The final thing needed to get a hurricane moving is coriolis, the pseudo- force arising from a combination of the Earth's rotation and the conservation of angular momentum. The result is that the rising hot moist air starts to spin and form an anti-clockwise spiral, sucking more energy from the surface of the sea and feeding the process as the wind gets faster and faster.
 When wind speed exceeds 74mph, the tropical storm becomes a hurricane, force 12 on the Beaufort scale.
 The risk is greatest when the sea is warmest. The hurricane season runs from June to November, with more than a third of all hurricanes occurring in September, when the sea temperature can get as high as 28°C.
 Hurricanes usually move west and then north, so islands such as Bonaire off the Venezuelan coast are away from the main track. Over land, a hurricane soon loses energy. It is rare that a hurricane reaches as far as 100 miles inland.
 East Pacific
 The word hurricane comes from Hunraken, the Mayan god of winds, so the same term is used to describe a force 12 storm off the western coast of Central America. Once again, the peak season is when the sea is at its warmest in September.
???? Hurricanes form in the warm water off Central America and move west into the Pacific, so the good news for this coastline is that hurricanes move out to sea and rarely make landfall.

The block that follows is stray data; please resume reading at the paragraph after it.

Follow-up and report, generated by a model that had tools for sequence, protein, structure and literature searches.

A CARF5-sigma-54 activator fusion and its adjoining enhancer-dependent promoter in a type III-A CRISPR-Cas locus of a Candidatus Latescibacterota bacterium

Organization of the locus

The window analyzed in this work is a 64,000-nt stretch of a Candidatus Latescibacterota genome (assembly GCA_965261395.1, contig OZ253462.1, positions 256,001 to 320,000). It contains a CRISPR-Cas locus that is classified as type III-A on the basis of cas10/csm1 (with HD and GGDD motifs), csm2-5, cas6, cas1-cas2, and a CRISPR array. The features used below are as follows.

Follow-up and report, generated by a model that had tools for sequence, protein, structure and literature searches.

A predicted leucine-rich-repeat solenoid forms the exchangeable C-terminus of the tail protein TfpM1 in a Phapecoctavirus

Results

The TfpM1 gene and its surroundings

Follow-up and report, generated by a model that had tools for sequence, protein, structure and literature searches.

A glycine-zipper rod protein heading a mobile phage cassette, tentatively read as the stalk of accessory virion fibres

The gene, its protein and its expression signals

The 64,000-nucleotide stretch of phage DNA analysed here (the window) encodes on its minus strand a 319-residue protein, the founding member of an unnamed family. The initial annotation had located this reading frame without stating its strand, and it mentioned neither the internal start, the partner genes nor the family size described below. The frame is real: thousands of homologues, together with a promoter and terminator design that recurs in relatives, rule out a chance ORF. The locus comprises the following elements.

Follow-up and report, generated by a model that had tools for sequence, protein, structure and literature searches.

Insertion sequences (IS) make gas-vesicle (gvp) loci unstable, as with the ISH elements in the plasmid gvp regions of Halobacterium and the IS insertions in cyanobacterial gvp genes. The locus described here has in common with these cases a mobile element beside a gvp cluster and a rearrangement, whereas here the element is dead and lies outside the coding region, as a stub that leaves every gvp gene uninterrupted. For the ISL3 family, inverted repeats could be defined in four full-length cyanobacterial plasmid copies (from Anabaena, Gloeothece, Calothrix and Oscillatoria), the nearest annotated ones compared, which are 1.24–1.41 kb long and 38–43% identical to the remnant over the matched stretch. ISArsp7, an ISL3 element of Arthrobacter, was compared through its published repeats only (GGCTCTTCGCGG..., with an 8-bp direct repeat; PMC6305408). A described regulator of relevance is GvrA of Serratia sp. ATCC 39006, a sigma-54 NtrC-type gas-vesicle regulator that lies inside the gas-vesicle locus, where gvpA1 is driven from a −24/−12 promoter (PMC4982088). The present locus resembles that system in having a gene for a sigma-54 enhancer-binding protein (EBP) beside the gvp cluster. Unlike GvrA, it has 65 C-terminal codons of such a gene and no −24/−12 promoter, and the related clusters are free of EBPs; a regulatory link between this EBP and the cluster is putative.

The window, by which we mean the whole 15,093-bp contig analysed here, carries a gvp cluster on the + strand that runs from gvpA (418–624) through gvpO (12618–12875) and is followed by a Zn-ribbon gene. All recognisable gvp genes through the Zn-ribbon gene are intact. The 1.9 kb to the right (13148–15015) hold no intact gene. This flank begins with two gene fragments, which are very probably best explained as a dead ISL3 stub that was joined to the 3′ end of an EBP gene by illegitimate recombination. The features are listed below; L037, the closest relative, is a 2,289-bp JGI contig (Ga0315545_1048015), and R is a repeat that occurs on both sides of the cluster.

???? A hurricane needs warm water to feed and survive. With cold currents running south down the North American coast and north along the South American coast, any hurricane that strays north or south and out of the general westward drift will be over cooler water and lose energy before it makes landfall.
 The last hurricane to hit Southern California was in 1935.
 Further into the Pacific Ocean, Hawaiian waters are too cold for new hurricanes to form, though occasionally one strays westward across the Hawaiian Islands.
 South America
 South of the Caribbean and Central America, even though water can be warm enough, coriolis decreases towards the Equator and there just isn't enough spin for hurricanes to form.